These are my notes from the Learn Trends: Networked and Social Learning online mini-conference. This isn’t my usual comprehensive live blogging, just snippets of things that caught my interest. I wanted to actually participate in the chat and watch Twitter too, and I couldn’t juggle all of it at the same time. This is post 1 of 3.
Intro to Social Networks
Social & Networked Learning combines psychology and technology
Developing the whole person wasn’t valued–behaviorism didn’t care what people think, just what they do. If you’re running an assembly line, it only matters what employees produce, not what they are thinking.
Cognitivism was the shift to recognizing that what people think matters.
Tony: coming less from the theoretical underpinning, seeing more of this in the changes in how he gets information. What used to be search/research is more conversation now.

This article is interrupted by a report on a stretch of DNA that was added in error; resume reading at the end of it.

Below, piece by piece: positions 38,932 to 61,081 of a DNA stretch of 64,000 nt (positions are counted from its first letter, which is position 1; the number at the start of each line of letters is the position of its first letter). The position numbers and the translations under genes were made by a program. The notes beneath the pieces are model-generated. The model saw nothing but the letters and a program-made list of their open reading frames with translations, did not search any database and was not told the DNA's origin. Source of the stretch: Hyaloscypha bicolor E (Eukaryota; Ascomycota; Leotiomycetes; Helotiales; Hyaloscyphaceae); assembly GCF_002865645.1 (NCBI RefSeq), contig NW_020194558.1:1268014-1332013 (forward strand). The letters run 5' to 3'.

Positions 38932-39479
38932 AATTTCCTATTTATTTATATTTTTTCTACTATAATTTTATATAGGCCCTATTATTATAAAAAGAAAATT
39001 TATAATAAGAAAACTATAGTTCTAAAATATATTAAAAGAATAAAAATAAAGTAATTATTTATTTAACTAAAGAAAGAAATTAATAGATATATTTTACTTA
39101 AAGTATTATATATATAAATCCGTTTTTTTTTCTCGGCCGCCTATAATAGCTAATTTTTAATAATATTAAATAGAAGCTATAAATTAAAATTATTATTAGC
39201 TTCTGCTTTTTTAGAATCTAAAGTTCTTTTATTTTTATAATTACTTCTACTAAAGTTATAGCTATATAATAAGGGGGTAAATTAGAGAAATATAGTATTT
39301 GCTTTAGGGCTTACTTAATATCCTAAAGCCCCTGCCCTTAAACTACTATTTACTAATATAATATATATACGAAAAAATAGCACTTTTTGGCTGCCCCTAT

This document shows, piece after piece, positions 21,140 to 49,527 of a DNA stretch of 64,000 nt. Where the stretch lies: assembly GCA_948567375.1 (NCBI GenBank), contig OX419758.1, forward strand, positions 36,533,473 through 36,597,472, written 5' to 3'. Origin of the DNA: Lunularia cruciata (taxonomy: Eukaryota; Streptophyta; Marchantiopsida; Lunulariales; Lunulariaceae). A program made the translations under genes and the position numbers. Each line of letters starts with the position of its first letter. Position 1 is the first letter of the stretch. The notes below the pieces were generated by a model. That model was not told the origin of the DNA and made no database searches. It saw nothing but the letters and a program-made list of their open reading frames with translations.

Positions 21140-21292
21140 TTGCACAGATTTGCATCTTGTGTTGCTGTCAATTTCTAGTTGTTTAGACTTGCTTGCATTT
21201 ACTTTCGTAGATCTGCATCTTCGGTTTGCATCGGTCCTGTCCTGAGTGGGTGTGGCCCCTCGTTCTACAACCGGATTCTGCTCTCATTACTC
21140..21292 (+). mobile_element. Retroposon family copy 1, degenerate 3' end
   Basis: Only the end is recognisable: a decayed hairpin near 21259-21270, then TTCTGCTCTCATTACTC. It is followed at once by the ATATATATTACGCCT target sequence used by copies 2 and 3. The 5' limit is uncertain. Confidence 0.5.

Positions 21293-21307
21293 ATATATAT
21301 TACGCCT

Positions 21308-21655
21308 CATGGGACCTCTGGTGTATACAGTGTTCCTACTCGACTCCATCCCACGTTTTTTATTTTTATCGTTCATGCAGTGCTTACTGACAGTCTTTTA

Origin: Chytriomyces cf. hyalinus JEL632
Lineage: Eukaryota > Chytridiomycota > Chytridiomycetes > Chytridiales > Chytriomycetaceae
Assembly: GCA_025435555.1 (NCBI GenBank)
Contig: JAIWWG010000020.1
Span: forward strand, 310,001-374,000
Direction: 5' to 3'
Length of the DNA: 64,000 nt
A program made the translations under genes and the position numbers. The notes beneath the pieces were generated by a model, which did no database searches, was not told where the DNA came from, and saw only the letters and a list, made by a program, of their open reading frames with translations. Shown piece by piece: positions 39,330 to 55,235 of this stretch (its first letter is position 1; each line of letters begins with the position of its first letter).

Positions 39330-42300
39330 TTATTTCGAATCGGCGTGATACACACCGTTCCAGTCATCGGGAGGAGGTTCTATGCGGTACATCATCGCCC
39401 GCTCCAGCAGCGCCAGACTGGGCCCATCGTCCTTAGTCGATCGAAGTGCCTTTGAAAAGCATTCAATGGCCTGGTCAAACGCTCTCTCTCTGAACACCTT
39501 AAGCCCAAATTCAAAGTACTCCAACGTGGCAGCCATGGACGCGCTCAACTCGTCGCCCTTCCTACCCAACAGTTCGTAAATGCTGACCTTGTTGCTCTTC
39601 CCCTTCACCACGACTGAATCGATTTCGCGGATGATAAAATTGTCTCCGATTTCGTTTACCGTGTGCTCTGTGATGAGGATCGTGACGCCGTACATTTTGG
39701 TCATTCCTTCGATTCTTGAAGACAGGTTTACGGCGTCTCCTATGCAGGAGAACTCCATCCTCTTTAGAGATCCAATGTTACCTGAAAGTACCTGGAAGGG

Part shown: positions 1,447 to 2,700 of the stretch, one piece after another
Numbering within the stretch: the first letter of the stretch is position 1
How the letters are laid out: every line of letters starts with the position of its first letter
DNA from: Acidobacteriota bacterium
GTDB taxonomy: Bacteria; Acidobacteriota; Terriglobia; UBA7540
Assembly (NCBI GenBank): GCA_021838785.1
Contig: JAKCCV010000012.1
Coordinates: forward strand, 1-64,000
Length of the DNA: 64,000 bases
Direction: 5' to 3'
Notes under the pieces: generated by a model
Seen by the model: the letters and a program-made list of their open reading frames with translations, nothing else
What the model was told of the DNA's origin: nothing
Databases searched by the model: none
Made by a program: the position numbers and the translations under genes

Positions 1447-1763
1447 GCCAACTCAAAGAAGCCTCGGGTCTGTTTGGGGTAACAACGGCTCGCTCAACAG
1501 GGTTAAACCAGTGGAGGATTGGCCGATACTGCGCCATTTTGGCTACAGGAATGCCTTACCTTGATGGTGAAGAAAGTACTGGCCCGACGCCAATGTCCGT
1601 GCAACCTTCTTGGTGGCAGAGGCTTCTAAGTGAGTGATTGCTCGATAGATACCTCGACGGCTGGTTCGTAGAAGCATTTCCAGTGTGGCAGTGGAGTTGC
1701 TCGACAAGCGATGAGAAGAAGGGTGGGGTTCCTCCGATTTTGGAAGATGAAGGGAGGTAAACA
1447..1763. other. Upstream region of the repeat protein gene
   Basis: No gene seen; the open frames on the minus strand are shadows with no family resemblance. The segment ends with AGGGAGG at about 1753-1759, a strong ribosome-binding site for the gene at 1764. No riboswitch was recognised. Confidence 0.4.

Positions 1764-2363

A lot of the networking and connecting has been going on with different structures for a long time, but it’s changing.
“We can be more productive with an individual, expert-based model.” –George
More on Tony’s ideas on networked learning.
George’s definition: connecting, often using technology–using the value of other people to be more productive and better at what we do
Moderator (Will Thalheimer): My thoughts at the moment: Learning at a cognitive level is individual. It affects the cognitive neural substrate of the individual. It can be augmented, influenced, controlled by social interactions. STILL, it is an individual thing. Sometimes being social can help learning. Sometimes it can hurt.